Sunday 2 June 2019

New Zealand Reflections

by Trevor Watkins 24/5/2019

I spent a happy four weeks in April and May 2019 visiting my daughter and her family in New Zealand. I undertook this arduous and expensive journey in order to reassure myself that all was well with their recent immigration to this new country. I really need not have bothered. They seemed happier, safer and more comfortable than I remembered them in South Africa.

However, this was a unique opportunity to catch a glimpse of life outside the South African pot. Embedded inside Africa we are so overwhelmed by the boiling water all around us that we rarely get to think how life might be in a safe, peaceful, cooperative world.

Paraparaumu, where my daughter and her family live, is a reasonably large middle class suburb 60km outside Wellington. It would seem to be the epitome of the successful town planners dream.

Everything is well ordered. The roads are clean, the pavements are level, there are bike paths everywhere, all the services and utilities seem to be taken care of. Like waves on the sea, every house is different,every house is the same. All plots seem to be between 500 square metres and 1000 square metres. Almost all are wooden frame houses mostly with fake brick fronts. There are few or no tall poppies, few or no weeds. It looks like a wonderful place to live, to raise your kids and perhaps to retire.

But it is a society that seems to have traded freedom and innovation for order and safety. I am sure the municipal planning departments’ word is absolute law. Individuals do not decide, the community decides. Most people seem to be very happy with this arrangement. They cannot picture another way of organising things.

There are some worms in the woodwork. House prices are very high. It seems as though a majority of New Zealanders are obliged to rent. Growth and salaries have remained flat. Citizens from more productive economies, such as China and the USA, are buying up much of the property stock. Inevitably this leads to calls for more restrictive immigration policies.

New Zealand is high on many indexes of human satisfaction. It is third on the economic freedom of the world ranking. It has little or no violence or unrest. It is largely a society made up of just two population groups, the Maoris and the overwhelming majority of English descendant Settlers. But it appears to lack the energy and drive of a Hong Kong or Singapore or Kuala Lumpur. Us Western folk just don't choose to work as hard as them Asians.

From a libertarian perspective this is a very buttoned down country. Not many “Give me Liberty or give me death” types cruising the back lanes of the country in their pickups with their rifles easily to hand. From a New Zealand perspective, that could be distinctly dangerous. I battled to find any current New Zealand libertarian links on the internet. Finally a friend referred me to the very blandly named Not PC blog at Its byline proclaims the site as “Promoting capitalist acts between consenting adults”.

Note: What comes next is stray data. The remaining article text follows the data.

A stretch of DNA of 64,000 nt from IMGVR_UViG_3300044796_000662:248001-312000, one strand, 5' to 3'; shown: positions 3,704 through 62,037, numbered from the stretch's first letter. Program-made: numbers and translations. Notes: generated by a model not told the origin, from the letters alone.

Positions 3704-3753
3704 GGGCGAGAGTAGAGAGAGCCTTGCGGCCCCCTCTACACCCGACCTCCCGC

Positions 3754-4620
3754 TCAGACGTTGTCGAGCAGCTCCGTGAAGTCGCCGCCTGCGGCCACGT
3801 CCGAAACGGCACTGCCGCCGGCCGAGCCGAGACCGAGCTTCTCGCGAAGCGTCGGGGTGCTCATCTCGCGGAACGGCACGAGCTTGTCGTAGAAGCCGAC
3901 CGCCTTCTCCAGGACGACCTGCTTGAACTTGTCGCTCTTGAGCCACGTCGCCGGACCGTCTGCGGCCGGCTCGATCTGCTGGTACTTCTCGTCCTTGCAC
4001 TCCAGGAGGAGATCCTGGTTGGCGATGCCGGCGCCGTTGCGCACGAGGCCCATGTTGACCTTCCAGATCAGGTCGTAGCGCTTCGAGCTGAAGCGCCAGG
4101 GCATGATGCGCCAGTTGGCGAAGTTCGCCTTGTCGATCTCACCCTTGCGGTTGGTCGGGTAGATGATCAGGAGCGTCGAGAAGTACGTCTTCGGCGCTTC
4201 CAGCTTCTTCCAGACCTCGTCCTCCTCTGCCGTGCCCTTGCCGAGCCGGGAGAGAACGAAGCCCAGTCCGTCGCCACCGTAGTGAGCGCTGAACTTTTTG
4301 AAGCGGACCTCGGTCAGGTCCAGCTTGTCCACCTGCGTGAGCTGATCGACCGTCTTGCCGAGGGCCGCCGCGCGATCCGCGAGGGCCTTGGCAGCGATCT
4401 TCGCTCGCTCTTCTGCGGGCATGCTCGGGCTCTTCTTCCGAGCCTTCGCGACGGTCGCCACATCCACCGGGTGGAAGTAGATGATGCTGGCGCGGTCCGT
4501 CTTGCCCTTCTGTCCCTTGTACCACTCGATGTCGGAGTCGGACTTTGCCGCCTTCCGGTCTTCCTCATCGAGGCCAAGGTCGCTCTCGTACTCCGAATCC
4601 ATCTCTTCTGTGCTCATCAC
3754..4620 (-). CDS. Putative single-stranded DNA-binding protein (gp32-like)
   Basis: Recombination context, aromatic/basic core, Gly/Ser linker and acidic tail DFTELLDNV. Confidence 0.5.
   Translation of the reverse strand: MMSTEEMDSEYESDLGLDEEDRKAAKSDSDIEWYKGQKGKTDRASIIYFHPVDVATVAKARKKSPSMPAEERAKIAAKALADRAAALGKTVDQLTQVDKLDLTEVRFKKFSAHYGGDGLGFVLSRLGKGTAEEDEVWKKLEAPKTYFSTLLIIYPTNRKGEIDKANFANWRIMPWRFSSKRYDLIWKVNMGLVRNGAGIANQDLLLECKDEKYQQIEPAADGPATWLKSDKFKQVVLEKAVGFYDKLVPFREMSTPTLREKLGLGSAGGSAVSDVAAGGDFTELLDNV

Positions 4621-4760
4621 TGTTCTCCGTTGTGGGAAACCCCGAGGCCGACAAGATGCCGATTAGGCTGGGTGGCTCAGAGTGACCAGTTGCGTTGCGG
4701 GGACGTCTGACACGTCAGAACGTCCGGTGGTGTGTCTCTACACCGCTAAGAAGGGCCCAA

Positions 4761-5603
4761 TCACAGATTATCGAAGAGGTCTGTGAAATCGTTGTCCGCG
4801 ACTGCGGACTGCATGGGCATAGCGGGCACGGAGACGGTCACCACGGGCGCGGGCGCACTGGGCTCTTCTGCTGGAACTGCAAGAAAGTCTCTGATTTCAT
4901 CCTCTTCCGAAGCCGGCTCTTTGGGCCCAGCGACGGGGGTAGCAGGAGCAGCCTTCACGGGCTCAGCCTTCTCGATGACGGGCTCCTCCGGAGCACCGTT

ACT New Zealand is a right-wing, classical-liberal political party. The name comes from the initials of the Association of Consumers and Taxpayers, founded in 1993.
ACT bases its philosophy on individual freedom and personal responsibility. ACT sets out its values thus:
  • That individuals are the rightful owners of their own lives and therefore have inherent freedoms and responsibilities
  • That the proper purpose of government is to protect such freedoms and not to assume such responsibilities.
The party's current leader and only member of parliament is David Seymour. During the 2017 general election, ACT kept its sole seat in Epsom near Auckland and gained 0.5% of the popular vote. However, the party has had as many as 9 members elected in the past, and has shared coalition government with the National Party, with 2 cabinet ministers.

I made several attempts to contact ACT with a view to meeting a local representative, unfortunately without success.

If the magnificent “Gallipoli” exhibition at the Te Kapa museum on the Wellington waterfront is anything to go by, New Zealanders appear to celebrate the fact that many thousands of young men freely volunteered to fight a foolish war for a very distant and foreign king. Although I think this self-sacrifice should be regretted rather than celebrated, nevertheless, there is no denying the bravery and fortitude of these ANZAC soldiers. I did leave a suggestion with the museum that they set up a space at the end of the tour where people can talk with each other and perhaps Museum staff about the meaning and significance of the exhibition. I also suggested that the museum include the text of Wilfred Owen's classic poem regarding the First World War, “Dulce et decorum est, pro patria mori”. However I fear that the last line of the poem would not suit the theme of the exhibition - “My friend, you would not tell with such high zest, To children ardent for some desperate glory, The old Lie: how sweet it is to die for one’s country”. Both suggestions were positively received in an email I subsequently received from the museum administration.